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Re: definition of test assertion

From: Alex Rousskov <rousskov@measurement-factory.com>
Date: Mon, 15 Sep 2003 12:10:38 -0600 (MDT)
To: Lynne Rosenthal <lynne.rosenthal@nist.gov>
Cc: www-qa@w3.org, www-qa-wg@w3.org
Message-ID: <Pine.BSF.4.53.0309151200480.3375@measurement-factory.com>

On Mon, 15 Sep 2003, Lynne Rosenthal wrote:

> The current definition of Test Assertion:
>  From the QA Glossary: http://www.w3.org/QA/glossary
> Test Assertion
> A set of premises that are known to be true by definition in the spec.

Using this, we get a definition of an atomic test assertion:

	A single premise that are known to be true by definition in
	the spec.

> From the SpecGL, which builds upon this definition, further refining it in
> the context of SpecGL
> Test Assertion
>      a statement of behavior, action, or condition that can be measured or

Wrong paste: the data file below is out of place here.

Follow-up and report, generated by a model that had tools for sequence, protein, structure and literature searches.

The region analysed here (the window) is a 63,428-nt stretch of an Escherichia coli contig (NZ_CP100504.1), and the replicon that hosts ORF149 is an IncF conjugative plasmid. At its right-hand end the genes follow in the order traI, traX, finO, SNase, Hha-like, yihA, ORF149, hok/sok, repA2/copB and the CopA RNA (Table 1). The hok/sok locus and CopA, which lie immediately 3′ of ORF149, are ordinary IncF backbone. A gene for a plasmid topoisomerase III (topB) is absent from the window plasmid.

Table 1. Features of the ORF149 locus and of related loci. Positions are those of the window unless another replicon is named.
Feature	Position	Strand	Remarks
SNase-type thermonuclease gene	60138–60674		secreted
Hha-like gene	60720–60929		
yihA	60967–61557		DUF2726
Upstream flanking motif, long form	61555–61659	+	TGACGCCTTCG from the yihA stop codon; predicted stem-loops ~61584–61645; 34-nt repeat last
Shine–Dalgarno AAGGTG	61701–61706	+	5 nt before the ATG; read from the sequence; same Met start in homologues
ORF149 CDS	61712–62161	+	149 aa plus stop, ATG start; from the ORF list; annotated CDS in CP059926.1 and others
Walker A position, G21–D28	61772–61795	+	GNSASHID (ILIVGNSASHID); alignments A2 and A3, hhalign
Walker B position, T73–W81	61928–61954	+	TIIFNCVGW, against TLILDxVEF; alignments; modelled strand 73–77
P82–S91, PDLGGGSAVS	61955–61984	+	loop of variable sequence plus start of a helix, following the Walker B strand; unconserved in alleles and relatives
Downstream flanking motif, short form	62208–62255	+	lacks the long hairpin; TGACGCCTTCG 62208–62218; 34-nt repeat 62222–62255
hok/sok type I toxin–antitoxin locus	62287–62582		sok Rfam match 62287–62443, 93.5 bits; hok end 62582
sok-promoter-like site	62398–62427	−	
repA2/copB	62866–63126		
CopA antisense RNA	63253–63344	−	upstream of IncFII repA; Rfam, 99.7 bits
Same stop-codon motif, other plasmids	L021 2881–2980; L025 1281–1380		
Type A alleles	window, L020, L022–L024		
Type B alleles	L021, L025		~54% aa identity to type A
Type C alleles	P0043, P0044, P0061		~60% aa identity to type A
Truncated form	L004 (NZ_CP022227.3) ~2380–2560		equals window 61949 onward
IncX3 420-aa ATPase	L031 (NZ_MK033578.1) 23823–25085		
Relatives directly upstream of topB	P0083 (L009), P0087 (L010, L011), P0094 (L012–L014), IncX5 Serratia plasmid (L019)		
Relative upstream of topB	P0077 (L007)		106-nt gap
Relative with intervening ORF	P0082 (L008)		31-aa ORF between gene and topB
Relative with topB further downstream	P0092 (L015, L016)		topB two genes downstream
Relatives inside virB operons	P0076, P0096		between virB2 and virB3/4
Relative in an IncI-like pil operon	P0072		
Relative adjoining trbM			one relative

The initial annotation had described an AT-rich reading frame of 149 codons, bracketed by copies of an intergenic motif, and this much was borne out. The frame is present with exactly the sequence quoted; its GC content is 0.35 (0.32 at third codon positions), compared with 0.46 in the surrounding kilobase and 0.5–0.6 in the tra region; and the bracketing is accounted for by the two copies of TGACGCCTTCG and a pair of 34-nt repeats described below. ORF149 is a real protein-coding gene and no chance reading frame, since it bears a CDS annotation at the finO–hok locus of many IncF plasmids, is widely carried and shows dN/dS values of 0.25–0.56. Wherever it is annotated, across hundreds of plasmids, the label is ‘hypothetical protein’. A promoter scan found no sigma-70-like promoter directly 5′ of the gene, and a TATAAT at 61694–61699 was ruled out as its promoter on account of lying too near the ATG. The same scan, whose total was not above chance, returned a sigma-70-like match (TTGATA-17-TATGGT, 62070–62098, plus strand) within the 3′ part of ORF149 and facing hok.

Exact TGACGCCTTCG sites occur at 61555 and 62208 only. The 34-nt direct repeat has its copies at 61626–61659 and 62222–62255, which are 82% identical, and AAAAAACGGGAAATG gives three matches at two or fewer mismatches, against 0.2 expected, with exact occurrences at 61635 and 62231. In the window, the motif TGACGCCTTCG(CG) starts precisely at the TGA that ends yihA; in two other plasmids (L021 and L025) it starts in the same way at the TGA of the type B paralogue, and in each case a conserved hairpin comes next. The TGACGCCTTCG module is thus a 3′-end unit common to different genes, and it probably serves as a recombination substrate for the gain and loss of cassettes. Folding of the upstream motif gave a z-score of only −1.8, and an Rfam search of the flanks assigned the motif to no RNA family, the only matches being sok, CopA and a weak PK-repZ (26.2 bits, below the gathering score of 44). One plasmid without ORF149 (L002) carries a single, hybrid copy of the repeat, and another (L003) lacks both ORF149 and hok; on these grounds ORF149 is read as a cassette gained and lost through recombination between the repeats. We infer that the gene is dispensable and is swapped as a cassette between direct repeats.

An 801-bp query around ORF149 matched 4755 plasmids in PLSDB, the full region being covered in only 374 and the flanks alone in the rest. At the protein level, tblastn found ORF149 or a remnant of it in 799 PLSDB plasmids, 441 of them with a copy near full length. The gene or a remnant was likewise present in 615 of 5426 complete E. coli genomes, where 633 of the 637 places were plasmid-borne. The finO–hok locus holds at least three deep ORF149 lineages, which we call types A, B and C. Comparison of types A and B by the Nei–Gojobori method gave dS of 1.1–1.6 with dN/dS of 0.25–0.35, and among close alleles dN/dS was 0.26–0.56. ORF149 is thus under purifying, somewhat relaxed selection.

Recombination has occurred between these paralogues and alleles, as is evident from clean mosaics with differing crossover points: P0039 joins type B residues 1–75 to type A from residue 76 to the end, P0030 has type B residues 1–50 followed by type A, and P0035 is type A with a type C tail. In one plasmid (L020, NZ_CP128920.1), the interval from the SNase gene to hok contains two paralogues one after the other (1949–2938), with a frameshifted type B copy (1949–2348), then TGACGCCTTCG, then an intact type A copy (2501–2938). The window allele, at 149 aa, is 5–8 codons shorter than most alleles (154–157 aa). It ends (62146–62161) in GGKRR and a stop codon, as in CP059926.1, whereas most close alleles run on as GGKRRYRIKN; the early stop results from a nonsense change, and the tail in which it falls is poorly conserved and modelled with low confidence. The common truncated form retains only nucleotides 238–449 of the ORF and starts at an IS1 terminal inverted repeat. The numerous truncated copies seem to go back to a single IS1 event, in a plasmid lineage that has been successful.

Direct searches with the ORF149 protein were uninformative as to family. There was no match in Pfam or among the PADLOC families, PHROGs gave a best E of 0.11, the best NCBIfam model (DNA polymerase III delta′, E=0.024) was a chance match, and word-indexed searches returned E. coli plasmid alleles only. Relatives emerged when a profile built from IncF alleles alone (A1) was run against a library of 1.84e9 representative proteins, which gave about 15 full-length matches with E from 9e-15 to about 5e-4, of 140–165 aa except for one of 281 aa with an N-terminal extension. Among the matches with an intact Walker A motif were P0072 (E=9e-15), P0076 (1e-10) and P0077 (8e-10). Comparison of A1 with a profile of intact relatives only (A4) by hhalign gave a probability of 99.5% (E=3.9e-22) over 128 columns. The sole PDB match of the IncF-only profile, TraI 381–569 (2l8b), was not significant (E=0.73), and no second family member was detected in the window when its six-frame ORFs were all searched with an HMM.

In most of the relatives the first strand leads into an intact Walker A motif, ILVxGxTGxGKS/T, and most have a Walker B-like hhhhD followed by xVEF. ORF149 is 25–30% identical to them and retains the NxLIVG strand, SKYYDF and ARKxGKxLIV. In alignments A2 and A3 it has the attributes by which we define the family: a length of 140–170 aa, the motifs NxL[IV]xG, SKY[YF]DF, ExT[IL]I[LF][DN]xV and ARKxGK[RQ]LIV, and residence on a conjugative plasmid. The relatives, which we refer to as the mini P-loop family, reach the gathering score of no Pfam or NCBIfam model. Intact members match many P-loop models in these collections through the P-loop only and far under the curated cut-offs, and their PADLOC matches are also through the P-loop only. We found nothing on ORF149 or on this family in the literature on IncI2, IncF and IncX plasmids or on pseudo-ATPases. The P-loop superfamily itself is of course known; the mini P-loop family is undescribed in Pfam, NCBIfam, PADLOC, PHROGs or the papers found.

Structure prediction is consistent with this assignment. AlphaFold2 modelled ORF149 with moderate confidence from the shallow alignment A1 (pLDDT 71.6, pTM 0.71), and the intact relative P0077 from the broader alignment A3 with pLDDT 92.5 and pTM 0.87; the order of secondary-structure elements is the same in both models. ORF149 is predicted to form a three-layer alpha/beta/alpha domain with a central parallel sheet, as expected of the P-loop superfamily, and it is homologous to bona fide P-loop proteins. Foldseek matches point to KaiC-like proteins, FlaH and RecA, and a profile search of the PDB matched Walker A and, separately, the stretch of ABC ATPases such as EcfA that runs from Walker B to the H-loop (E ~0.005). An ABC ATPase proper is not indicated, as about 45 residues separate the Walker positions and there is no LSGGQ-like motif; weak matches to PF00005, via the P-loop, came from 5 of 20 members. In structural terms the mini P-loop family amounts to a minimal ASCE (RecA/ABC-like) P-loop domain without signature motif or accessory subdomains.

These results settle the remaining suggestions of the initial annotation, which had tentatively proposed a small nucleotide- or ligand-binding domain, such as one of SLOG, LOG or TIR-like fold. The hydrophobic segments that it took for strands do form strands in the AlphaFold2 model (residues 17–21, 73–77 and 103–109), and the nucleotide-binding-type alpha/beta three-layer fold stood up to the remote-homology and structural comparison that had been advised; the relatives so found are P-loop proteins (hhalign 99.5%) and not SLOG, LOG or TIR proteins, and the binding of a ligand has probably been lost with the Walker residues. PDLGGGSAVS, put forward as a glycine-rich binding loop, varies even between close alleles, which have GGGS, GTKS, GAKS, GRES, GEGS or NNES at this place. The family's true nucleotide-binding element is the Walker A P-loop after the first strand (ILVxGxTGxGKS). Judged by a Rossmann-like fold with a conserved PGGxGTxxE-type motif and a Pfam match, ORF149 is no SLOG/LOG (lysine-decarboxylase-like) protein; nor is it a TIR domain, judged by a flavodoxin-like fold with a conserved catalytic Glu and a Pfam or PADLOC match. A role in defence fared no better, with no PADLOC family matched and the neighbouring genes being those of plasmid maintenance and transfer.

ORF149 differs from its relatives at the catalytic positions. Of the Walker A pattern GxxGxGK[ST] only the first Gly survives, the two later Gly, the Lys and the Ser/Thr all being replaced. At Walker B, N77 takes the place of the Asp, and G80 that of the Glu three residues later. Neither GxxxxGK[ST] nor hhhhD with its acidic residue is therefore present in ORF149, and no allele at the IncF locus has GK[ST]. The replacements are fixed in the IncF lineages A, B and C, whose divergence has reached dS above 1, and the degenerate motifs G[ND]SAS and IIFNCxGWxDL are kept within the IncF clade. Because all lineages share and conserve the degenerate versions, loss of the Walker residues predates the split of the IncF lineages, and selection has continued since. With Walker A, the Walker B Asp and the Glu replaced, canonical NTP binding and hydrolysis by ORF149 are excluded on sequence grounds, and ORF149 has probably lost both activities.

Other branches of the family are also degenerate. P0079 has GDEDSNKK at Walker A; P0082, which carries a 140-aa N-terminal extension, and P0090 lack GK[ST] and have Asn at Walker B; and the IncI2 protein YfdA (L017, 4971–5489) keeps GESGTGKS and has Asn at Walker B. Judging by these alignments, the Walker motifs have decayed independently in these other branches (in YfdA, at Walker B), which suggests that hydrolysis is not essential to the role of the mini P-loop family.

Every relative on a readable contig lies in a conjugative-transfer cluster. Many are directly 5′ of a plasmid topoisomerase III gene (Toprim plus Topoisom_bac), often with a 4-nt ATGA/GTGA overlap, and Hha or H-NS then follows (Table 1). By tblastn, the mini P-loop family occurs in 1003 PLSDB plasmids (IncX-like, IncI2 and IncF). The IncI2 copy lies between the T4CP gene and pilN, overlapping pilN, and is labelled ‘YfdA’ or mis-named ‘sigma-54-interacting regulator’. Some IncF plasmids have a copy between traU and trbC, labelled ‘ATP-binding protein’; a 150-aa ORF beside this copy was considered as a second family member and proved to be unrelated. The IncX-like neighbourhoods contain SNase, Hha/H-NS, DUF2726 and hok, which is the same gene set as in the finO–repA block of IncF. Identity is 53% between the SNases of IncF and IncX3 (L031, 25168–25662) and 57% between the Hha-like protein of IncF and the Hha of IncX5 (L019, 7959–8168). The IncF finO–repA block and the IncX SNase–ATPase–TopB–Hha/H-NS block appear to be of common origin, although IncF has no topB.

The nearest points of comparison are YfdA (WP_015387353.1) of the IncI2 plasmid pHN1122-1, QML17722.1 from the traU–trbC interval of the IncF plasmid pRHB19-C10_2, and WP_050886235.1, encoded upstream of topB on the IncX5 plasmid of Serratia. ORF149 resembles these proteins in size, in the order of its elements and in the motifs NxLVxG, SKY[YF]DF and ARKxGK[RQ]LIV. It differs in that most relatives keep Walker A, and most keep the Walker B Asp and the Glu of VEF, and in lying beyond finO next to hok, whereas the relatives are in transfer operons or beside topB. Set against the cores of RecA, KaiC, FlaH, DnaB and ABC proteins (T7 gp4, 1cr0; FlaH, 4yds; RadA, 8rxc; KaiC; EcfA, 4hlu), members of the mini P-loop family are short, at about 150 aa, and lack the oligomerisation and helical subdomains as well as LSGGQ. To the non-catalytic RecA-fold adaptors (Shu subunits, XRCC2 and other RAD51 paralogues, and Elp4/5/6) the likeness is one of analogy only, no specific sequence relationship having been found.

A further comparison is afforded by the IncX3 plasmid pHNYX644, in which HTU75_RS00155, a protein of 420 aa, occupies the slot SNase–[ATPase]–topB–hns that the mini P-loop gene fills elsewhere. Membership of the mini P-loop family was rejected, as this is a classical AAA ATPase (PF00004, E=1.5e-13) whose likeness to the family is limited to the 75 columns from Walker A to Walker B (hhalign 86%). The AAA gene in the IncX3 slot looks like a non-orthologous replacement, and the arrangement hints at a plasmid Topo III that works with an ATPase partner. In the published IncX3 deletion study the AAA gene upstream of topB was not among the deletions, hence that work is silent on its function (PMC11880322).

> tested.

In this case, the proposed "cannot be decomposed" definition implies
that a statement is something you can or cannot decompose (into
simpler statements?). I am not sure that is clear/strict enough.

For example,
	"an implementation MUST X"
is a single statement that can, in theory, be decomposed into two:
	"an implementation MUST x1"
	"an implementation MUST x2"

where x1 and x2 together form X (e.g. X could be "attach an
appropriate warning". If two warnings are appropriate, then x1 and x2
would be "attach warning 1" and "attach warning 2". Does that count as
decomposition? Or is X atomic in this case?


On Mon, 15 Sep 2003, Lynne Rosenthal wrote:
> Atomic test assertion: a test assertion that cannot be decomposed further.
Received on Monday, 15 September 2003 14:10:42 UTC

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